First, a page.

Cruz Control: An Interview with Rolando Cruz – Part 1

Steve AnkneyGeneral1 Comment

I recently had the chance to sit down with our friend Rolando Cruz, the manager of Berkeley Running Company in Madison, WI.  Rolando is a 34-year-old ultra-marathoner from Spain who moved to Wisconsin as a foreign exchange student during high school.  Rolando, like many of the all-star running staff at Berkeley Running Company, has proven to be extremely informative, very helpful, and an inspiration to the TR Crew, along with many other people in Madison.  Because I’m sure his story and expertise will be inspirational to many others, I wanted to transcribe share this interview with our readers.  And yes, he really is a runner with the last name Cruz

Why or how did you get into running?

I have a passion for running, and I know what running does for me. It is like my therapy.  It is amazing what you can accomplish when you go for a 30 minute or hour long run and how many things you can organize in your head.  It is finding that sport that you like and focusing on how it is going to help your life in terms of how it makes you feel. One of the [many] reasons I do most of my running on trails is because when running on trails, there is a surprise on every corner.  You could be running into a deer, or a turkey, or just this morning, I saw a coyote!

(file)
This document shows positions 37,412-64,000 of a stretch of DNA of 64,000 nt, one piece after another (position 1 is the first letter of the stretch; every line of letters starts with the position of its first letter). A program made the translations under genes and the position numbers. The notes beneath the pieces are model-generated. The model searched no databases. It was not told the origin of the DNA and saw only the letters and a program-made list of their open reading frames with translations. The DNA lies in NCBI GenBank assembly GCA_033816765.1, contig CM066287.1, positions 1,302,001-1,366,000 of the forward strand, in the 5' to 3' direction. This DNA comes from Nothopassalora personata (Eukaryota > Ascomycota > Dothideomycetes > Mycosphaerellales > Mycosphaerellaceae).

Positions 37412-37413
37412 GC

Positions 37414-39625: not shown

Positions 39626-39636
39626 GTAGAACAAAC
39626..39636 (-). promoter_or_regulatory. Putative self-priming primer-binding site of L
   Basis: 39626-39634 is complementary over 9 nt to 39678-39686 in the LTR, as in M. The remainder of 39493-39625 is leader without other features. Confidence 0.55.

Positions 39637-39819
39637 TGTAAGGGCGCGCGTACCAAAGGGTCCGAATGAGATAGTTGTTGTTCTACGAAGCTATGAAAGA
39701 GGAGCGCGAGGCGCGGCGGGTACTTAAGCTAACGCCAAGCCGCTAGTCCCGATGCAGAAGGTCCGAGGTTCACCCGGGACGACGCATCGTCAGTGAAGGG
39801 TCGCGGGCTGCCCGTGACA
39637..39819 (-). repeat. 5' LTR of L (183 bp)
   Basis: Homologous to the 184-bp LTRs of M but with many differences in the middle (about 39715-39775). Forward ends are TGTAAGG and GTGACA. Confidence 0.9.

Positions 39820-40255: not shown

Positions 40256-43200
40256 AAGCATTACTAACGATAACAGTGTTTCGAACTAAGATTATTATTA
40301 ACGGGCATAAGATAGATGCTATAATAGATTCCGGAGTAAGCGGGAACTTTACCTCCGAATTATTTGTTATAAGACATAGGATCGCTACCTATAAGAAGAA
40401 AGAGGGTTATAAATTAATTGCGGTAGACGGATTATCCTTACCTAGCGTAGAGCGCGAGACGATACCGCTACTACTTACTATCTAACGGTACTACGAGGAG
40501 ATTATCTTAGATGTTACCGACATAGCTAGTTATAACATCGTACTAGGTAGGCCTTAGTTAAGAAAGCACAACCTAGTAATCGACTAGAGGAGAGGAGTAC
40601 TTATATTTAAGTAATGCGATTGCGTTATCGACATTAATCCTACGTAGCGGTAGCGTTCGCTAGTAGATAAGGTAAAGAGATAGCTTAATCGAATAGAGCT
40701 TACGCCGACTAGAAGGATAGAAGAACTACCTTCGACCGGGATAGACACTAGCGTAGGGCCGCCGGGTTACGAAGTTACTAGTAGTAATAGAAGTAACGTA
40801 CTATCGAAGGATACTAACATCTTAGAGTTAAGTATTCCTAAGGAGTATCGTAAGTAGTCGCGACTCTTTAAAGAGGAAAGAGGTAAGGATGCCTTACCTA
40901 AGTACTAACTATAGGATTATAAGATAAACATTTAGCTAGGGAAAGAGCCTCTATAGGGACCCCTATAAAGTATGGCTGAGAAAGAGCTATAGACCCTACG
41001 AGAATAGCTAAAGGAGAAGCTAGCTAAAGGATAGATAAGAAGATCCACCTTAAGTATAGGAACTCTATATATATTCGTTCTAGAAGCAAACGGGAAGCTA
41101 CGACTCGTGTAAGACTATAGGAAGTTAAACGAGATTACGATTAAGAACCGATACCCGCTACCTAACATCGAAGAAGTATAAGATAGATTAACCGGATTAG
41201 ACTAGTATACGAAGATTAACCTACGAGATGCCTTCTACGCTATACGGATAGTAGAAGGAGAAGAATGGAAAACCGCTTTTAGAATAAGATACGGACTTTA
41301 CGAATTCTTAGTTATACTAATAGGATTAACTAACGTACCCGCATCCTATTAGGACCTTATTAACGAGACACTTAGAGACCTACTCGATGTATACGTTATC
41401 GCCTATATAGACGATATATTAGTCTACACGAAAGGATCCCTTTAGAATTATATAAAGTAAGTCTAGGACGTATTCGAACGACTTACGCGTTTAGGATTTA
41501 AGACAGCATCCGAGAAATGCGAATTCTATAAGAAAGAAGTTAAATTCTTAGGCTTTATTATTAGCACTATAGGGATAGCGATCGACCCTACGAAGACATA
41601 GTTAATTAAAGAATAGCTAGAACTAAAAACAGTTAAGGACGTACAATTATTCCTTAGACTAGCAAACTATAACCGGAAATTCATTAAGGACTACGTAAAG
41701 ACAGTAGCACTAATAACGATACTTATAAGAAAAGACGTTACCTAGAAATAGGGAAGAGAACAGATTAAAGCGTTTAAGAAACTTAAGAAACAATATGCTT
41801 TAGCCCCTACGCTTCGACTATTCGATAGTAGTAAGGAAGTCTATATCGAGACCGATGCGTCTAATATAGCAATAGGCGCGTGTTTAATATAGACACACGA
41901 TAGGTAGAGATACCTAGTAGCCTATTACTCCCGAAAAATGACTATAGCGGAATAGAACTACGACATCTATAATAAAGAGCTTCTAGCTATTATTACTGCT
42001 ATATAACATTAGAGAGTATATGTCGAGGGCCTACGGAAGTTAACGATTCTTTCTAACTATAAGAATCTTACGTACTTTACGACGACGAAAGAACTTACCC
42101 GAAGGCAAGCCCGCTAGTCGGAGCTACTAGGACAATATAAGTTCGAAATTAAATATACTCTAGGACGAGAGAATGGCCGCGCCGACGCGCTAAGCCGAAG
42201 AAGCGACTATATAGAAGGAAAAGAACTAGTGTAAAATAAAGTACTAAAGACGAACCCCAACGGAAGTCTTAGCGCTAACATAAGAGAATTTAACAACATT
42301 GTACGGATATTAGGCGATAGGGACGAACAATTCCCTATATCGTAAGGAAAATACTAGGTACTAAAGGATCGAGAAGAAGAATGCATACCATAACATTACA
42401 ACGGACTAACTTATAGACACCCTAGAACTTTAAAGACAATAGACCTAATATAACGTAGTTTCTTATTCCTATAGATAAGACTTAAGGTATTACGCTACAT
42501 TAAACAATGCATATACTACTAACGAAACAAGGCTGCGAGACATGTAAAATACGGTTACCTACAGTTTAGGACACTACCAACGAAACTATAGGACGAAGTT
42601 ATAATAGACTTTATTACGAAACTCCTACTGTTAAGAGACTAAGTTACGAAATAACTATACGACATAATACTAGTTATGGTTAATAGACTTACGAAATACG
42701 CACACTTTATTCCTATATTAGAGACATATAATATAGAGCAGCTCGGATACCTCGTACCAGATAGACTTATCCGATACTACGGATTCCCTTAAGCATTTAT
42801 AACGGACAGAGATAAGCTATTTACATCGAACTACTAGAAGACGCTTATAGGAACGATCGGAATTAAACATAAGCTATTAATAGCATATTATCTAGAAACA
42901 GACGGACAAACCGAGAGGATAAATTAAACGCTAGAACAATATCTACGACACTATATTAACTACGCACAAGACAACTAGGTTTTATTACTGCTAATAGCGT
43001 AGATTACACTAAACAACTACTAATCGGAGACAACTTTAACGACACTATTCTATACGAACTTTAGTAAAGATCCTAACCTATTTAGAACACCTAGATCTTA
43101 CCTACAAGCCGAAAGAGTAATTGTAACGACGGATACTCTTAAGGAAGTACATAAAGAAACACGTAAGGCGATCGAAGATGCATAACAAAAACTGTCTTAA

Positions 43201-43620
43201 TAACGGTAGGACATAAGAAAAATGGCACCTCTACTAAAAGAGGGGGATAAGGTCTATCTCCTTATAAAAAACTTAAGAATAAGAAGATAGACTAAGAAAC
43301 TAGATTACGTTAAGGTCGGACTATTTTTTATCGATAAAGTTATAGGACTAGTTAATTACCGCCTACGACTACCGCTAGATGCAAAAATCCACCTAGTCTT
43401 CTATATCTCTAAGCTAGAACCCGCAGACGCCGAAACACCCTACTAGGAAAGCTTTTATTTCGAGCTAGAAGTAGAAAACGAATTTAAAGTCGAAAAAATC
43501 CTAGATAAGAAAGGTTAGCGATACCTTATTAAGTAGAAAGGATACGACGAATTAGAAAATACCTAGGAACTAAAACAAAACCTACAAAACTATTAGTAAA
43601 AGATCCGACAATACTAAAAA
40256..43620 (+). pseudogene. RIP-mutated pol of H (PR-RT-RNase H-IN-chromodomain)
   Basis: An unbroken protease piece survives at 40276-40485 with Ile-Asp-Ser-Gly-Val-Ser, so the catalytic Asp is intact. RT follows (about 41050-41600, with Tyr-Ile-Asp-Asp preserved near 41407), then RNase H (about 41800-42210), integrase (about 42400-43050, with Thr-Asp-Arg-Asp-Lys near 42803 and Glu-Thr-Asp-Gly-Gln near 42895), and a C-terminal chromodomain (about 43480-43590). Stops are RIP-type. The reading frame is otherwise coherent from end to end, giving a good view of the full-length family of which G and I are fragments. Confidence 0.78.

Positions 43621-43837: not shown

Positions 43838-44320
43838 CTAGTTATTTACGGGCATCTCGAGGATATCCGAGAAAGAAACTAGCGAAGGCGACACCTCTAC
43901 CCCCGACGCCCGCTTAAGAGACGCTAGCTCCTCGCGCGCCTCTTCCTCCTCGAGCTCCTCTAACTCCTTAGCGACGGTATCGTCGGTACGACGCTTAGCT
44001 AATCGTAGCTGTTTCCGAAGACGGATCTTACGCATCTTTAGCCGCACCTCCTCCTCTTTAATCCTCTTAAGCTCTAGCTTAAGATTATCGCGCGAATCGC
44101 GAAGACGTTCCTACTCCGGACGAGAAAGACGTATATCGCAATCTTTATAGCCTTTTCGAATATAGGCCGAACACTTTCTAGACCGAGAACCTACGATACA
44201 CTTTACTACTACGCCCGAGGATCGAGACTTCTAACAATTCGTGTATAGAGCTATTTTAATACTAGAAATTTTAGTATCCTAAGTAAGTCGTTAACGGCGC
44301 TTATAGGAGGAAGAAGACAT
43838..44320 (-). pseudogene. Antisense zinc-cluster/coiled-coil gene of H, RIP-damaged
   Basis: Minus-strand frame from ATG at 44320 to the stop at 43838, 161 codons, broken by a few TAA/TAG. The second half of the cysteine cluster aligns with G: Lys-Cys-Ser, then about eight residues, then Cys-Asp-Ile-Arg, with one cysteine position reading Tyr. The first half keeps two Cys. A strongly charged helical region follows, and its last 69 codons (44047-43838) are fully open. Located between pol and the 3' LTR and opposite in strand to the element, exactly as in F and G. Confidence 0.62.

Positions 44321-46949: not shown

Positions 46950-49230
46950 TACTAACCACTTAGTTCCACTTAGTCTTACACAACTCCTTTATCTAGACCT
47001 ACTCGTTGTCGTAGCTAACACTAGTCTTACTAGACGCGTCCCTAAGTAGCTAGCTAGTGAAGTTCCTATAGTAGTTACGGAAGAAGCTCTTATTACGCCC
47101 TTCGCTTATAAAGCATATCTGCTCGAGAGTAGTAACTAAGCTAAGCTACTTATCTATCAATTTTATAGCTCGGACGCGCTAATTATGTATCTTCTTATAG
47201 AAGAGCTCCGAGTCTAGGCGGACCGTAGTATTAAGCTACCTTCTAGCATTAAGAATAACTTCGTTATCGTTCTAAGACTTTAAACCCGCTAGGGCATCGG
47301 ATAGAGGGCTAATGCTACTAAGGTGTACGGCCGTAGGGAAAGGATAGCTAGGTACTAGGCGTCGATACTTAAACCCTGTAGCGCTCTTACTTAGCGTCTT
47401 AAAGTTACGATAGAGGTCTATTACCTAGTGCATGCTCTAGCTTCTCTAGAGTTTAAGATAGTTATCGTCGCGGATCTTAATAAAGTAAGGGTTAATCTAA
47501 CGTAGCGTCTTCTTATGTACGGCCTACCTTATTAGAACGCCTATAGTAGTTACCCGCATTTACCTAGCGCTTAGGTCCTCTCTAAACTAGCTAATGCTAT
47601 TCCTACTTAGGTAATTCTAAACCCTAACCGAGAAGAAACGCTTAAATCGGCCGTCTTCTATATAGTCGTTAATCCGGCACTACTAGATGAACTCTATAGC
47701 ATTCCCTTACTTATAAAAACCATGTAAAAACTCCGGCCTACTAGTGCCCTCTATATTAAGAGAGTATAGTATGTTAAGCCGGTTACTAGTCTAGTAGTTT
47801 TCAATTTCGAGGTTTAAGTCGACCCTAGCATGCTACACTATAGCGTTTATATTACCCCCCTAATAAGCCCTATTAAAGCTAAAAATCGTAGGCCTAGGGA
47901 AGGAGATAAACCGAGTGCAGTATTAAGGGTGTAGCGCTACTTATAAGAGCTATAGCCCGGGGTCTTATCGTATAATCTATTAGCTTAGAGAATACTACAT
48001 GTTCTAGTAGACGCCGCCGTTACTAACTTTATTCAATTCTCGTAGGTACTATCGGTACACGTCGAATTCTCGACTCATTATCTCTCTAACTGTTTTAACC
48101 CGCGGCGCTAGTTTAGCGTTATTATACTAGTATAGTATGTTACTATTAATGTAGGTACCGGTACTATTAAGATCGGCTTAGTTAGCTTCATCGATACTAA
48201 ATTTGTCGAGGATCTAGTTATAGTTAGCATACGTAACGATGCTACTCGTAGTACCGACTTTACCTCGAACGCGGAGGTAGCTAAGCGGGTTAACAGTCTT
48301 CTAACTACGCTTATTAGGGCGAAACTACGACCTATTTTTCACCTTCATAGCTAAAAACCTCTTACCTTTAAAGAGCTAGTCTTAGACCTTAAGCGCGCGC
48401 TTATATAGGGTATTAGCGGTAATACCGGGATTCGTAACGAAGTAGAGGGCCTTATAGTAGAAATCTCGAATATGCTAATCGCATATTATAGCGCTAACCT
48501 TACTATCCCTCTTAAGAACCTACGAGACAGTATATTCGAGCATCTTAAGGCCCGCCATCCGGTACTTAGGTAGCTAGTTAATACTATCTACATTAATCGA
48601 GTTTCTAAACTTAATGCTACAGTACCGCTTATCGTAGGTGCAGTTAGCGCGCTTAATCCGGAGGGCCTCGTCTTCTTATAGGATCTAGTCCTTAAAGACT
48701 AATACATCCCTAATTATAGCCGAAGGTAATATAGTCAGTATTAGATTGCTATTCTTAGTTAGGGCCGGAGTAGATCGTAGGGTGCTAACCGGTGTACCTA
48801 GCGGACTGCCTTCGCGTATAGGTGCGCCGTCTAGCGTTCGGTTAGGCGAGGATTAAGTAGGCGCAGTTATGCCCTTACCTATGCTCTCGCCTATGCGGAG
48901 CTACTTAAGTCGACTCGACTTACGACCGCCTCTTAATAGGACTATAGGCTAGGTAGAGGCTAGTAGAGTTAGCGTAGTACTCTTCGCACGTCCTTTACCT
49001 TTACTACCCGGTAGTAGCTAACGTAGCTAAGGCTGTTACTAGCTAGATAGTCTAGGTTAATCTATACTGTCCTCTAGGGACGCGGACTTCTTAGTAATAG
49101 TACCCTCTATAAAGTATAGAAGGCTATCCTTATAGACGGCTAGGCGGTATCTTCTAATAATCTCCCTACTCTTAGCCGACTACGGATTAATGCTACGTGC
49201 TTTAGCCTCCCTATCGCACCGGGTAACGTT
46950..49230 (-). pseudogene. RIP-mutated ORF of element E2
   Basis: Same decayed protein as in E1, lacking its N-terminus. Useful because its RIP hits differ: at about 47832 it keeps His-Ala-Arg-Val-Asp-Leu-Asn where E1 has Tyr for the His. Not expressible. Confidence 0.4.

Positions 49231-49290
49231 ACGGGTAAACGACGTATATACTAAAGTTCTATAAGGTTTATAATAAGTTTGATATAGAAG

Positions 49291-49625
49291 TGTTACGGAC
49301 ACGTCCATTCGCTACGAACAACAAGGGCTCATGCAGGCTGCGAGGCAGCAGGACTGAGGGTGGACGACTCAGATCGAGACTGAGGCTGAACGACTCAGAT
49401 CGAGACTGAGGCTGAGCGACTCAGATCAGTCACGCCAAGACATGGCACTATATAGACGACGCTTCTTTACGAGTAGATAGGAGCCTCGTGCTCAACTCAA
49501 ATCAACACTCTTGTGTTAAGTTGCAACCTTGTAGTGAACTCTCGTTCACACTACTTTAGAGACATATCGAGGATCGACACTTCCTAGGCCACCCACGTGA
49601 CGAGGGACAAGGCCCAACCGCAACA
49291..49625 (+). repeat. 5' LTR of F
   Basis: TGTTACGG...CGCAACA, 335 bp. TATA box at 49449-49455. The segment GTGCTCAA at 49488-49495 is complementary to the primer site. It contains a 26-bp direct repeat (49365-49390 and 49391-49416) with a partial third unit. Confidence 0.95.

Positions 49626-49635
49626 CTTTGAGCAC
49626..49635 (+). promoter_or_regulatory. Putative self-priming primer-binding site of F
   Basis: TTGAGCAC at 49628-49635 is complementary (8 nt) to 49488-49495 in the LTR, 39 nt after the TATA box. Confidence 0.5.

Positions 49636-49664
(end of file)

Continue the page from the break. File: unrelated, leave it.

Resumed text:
How long have you been running?

I think I started running when I was probably 4 years old.  My mother was a big runner and my father was a pretty good athlete, and was in the military.  My mother is 65 and she still goes for her 5 to 6 mile walks. Up until three years ago, she was still running 5 miles every day.  I remember growing up, she would take us for long walks and then, when we had to rest, we would rest, but it was always endurance.  Then, I remember between the ages of 6 and 8 she would send us to the store, which was about a mile or so away from the house. And of course, for us, it is totally different, because in Spain, everything is really close together and everyone really knows each other so 2 miles is more like a tour of the neighborhood.  I can remember thinking to myself, how fast can I get there and get back.